The Americans with Disabilities Act (ADA) regulations for elevator signs can be located at ASME Safety Code A17. Two types of signs are needed. The first one is the signage on the elevator enclosure (called the “hoistway”) and the controls inside the elevator itself. On the outside, Code 17 has a requirement of 2 inches raised and Braille on each of the door jambs of the hoistway’s entrance with positioning 60 inches above floor level. Likewise, labeling is mandatory on the elevator’s buttons and the controls in the elevator’s interior, at a height at most, 48 inches from the floor.
The other type of elevator signage is directional signs pointing towards the location of elevators on each floor. Public buildings with several stories need to have directional and wayfinding signs to guide individuals to elevators, escalators, and stairways. Like every ADA compliant sign, these are designed to be highly visible with no-glare high contrasting lettering and standard international symbols for sighted people, with raised tactile lettering and Braille for those that have visual disabilities. The signs need to be positioned at a location that can be reached by those in wheelchairs. To assist the visually impaired, elevator signs need to also have Braille and raised letters and symbols. Elevators that can accommodate wheelchairs are required to display the raised symbol for wheelchair access. The lobby and corridors also need to have ADA compliant directional signage with symbols pointing to the elevators. In government and commercial facilities that are used by the public, the elevators need to have noticeable signs labeling their suitability, or unsuitability for use when a fire or other emergencies occur. Elevators or escalators that need electrical power can be reduced in those situations. A lot of multi-level buildings have elevator signs banning their usage when a fire, flooding or other situations whereas power can be cut off.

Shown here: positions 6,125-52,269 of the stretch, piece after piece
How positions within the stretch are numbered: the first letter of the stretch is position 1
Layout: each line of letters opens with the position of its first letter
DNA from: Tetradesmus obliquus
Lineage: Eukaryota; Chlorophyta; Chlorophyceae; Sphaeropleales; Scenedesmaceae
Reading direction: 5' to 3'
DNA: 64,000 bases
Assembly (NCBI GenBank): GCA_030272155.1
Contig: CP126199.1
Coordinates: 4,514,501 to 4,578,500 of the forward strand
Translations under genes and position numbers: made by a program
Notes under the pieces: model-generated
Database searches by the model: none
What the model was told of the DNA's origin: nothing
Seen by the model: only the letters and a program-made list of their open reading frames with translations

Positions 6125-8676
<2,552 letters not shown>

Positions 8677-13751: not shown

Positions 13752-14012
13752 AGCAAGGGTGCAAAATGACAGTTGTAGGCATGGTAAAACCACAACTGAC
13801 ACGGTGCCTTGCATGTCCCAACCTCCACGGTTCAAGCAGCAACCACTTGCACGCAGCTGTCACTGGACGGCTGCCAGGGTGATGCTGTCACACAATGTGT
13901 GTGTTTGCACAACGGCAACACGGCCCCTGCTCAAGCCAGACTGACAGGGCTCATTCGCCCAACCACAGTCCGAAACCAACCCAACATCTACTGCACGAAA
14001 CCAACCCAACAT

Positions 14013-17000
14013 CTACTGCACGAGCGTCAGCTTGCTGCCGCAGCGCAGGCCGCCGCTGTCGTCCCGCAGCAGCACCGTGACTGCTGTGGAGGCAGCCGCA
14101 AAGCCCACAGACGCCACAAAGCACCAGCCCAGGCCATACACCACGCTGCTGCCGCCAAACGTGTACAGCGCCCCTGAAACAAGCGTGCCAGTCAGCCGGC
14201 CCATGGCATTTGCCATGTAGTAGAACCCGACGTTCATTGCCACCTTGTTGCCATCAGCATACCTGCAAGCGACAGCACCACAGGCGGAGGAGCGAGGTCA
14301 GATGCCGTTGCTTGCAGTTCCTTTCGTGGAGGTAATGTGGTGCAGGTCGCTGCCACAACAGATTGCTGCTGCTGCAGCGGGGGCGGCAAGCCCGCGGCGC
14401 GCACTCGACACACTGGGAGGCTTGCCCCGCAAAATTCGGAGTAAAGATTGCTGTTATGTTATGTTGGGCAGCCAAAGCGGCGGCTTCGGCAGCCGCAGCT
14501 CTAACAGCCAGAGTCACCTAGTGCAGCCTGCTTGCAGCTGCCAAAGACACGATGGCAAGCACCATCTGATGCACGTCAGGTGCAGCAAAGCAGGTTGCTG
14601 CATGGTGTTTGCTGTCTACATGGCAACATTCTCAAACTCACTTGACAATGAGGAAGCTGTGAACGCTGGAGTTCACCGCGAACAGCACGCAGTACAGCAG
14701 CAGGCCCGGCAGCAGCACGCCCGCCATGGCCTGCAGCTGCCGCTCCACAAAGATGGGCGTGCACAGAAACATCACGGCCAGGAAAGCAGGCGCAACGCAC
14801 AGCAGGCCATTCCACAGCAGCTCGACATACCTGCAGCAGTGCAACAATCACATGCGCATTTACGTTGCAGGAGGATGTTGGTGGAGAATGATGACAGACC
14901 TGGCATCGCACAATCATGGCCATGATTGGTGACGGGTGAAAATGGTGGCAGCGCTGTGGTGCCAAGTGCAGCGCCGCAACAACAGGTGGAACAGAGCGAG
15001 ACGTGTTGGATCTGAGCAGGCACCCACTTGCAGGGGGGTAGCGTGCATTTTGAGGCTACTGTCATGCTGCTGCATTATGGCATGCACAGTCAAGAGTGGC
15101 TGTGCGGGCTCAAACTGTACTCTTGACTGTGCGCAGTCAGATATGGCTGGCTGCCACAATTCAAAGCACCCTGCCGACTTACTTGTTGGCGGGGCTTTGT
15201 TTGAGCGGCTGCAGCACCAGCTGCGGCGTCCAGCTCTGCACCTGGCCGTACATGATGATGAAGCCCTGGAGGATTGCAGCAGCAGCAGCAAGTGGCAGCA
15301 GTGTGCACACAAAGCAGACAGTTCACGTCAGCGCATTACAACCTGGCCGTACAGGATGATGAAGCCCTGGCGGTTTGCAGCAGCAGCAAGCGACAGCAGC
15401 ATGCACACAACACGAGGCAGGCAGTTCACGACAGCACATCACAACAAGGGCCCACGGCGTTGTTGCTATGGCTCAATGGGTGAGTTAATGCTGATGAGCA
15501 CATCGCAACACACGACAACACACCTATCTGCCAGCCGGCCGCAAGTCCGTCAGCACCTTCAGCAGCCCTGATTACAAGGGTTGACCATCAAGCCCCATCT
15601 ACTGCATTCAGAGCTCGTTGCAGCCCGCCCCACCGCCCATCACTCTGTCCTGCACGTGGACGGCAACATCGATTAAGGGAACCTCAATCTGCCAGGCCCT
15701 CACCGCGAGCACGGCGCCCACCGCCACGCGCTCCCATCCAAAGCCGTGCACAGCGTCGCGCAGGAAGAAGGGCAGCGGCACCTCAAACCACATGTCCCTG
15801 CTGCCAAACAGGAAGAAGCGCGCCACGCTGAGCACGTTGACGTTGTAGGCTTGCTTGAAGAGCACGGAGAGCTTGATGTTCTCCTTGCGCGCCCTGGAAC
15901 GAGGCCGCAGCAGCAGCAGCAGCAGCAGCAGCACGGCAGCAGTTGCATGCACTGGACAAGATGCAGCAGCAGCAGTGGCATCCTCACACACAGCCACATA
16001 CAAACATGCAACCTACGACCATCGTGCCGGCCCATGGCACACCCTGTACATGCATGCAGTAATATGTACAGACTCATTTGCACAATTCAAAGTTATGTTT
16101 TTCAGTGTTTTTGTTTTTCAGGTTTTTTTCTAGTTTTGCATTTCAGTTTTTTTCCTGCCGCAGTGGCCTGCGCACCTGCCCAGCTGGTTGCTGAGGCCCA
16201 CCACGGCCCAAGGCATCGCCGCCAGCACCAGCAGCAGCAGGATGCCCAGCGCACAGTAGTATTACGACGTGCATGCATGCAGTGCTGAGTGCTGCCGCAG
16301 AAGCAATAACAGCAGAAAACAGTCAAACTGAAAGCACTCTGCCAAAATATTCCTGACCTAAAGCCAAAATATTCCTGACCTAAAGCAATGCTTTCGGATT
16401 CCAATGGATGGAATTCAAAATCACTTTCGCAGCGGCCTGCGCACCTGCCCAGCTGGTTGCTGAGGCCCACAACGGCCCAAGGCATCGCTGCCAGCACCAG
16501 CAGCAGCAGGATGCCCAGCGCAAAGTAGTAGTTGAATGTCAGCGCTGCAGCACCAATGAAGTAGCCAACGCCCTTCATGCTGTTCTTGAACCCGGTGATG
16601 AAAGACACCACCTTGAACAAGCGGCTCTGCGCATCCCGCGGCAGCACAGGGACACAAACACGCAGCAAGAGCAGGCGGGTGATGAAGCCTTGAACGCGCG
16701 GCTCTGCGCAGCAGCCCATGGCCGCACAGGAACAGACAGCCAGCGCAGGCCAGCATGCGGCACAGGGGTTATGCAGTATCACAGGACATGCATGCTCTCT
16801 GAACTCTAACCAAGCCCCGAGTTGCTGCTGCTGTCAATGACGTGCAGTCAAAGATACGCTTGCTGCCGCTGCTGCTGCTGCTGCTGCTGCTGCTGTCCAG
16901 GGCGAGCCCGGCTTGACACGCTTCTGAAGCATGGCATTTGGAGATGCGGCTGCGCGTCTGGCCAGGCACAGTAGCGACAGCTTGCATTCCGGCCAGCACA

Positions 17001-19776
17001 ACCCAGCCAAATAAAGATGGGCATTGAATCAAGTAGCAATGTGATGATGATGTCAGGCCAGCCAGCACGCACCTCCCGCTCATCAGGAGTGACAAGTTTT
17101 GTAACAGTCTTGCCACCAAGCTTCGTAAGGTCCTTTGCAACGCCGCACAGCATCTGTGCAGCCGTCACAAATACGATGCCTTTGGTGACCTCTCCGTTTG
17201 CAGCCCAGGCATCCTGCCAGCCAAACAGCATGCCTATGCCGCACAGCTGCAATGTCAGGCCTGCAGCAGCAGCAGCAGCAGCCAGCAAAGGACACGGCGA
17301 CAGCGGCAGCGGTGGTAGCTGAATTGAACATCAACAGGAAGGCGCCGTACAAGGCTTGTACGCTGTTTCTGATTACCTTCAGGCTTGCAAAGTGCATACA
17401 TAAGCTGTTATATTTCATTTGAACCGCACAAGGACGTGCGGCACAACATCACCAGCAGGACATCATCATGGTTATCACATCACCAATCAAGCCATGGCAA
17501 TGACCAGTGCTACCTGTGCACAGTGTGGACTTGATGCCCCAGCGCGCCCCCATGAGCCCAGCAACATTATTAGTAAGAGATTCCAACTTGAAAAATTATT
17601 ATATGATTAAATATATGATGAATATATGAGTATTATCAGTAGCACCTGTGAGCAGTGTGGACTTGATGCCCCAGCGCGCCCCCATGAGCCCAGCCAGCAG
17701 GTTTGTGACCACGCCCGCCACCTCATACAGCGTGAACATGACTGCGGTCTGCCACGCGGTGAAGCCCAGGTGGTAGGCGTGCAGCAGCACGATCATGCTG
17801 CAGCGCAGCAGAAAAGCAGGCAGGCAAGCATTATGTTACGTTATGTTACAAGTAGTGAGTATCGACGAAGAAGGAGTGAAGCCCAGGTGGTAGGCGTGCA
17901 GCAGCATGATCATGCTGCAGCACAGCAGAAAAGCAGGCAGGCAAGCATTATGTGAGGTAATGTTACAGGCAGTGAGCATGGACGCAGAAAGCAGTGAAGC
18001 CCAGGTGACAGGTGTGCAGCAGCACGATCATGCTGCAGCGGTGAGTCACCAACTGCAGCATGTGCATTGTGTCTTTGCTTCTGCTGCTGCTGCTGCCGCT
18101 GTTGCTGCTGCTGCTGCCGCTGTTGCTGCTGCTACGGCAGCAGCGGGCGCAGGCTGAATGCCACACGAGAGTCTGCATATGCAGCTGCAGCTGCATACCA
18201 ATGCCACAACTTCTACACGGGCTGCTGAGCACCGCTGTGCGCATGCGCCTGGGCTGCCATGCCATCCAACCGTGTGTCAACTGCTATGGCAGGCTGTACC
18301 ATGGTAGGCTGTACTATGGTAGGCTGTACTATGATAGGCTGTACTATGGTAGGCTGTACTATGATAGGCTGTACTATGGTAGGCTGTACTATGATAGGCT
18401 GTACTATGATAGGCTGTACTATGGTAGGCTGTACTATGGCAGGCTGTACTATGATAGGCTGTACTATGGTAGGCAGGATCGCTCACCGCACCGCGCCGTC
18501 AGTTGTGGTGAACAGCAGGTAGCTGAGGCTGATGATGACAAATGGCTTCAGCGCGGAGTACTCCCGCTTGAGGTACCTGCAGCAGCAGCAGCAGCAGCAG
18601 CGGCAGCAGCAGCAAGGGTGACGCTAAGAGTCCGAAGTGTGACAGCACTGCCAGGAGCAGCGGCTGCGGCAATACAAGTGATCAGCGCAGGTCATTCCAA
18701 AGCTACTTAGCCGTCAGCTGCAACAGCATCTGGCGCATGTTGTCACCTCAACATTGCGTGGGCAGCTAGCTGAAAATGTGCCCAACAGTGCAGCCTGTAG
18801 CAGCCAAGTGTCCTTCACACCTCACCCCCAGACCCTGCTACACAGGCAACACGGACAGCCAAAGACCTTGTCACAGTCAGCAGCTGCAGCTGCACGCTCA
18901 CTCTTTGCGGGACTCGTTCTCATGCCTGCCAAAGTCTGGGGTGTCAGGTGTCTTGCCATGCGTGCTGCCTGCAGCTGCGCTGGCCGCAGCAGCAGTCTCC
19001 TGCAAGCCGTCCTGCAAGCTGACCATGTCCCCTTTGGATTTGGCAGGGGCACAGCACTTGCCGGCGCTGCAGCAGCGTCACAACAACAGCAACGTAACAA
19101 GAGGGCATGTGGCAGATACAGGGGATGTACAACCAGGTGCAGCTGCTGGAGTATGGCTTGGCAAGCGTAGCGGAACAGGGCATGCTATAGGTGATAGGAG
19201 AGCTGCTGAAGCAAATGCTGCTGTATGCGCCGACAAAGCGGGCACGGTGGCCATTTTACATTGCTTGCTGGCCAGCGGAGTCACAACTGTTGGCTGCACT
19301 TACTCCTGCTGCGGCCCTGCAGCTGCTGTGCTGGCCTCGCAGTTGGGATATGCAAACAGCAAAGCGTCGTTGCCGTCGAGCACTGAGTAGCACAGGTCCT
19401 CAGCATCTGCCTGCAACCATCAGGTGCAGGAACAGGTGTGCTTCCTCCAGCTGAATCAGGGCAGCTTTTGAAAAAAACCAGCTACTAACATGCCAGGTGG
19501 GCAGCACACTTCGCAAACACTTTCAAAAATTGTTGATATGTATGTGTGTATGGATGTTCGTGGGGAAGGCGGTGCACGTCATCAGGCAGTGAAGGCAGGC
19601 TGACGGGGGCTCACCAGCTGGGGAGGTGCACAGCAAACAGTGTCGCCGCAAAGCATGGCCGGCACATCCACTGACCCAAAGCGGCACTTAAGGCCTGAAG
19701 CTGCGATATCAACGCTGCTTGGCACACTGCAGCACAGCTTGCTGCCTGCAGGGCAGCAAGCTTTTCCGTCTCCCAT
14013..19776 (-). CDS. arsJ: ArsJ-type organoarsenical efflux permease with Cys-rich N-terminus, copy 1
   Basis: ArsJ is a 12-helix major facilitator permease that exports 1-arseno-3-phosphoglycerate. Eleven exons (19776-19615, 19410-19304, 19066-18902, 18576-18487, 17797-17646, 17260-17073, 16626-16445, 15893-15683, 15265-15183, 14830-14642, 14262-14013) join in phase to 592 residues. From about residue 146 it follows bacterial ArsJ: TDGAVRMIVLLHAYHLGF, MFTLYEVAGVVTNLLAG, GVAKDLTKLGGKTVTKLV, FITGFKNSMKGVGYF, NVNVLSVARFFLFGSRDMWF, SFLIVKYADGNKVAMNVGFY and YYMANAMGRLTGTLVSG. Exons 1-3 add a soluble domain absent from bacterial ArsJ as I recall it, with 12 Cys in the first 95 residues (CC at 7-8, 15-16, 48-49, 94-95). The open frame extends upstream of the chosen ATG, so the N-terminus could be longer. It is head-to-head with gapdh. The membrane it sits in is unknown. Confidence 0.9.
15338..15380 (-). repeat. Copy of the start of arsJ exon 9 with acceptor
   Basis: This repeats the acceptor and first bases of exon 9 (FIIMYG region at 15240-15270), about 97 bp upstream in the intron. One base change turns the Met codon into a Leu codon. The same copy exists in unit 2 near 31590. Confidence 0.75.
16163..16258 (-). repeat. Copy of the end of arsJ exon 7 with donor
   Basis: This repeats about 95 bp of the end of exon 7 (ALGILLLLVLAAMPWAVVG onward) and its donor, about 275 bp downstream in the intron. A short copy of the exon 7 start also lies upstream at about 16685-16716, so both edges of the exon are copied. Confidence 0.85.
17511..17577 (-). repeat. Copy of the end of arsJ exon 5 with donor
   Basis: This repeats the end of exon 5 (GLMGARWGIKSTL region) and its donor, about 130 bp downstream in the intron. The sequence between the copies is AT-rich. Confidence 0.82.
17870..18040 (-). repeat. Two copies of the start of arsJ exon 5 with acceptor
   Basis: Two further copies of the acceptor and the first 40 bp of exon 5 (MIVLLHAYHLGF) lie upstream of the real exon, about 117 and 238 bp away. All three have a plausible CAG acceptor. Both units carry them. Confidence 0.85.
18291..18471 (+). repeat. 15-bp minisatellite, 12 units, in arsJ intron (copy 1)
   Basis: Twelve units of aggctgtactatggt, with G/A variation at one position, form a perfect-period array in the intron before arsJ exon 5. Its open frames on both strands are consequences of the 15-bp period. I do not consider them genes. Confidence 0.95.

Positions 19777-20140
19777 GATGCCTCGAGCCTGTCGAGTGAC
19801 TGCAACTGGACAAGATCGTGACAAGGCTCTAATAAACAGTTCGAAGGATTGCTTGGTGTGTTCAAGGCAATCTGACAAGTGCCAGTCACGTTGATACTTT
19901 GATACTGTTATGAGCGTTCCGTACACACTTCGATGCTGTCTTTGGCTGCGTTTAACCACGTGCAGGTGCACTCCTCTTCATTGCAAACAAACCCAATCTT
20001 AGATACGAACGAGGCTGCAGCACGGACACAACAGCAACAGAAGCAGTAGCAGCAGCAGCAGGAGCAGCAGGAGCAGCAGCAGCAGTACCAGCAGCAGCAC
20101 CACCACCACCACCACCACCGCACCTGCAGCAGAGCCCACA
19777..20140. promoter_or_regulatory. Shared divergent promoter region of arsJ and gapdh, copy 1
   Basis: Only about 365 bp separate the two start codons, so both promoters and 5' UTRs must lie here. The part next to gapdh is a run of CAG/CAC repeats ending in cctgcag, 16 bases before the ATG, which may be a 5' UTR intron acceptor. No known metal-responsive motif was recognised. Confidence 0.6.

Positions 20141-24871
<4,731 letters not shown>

Local, State & Federal Requirements
A lot of states and cities that have high-rise offices and residential buildings have laws regulating the design and operation of the elevator. These detail the special safety and assistance issues with elevator fulfillments in taller buildings. Typically, the specifications for elevator signage are a part of a more thorough set of requirements for the building directory, plans for evacuation, building maps, and directional signage. These cover each of the safety requirements for emergency access, in addition to the requirements to assist individuals with disabilities. In a lot of cases, compliance to the ADA, ASME, and OSHA regulations is enough for these locations. At Federal levels, OSHA administers the regulations that control the design, construction, and maintenance of elevators utilized by employees. The OSHA requirements include the Car ID and capacity, inspection plating, warning signage for “In Case of Fire and Elevator Out of Order”. They mandate signs for open elevator shafts also, and exposure to possible dangerous electrical and mechanical parts. OSHA regulations also have a requirement for the distinction between freight elevators and ones meant for people.
Navigating an unfamiliar building can be more precarious for individuals with disabilities. This makes sense for individuals with impaired vision or mobilization. The more difficult aspects of moving through a building are managing doors and building-level changes such as ramps, stairways, elevators, and escalators. Think of being a blind individual trying to locate an accessible wheelchair elevator in an unfamiliar office or residential building. This is where ASME and OSHA required elevator signs come into play – they allow individuals in wheelchairs to stay away from stairways and the irritation of elevators that aren’t going to work in their favor.
- “Elevator Signs – ADA Compliant Braille Elevator Signage.” WeBuildSigns (WBS), www.webuildsigns.com/pages/elevator-signs.
Elevator Signs In Colorado
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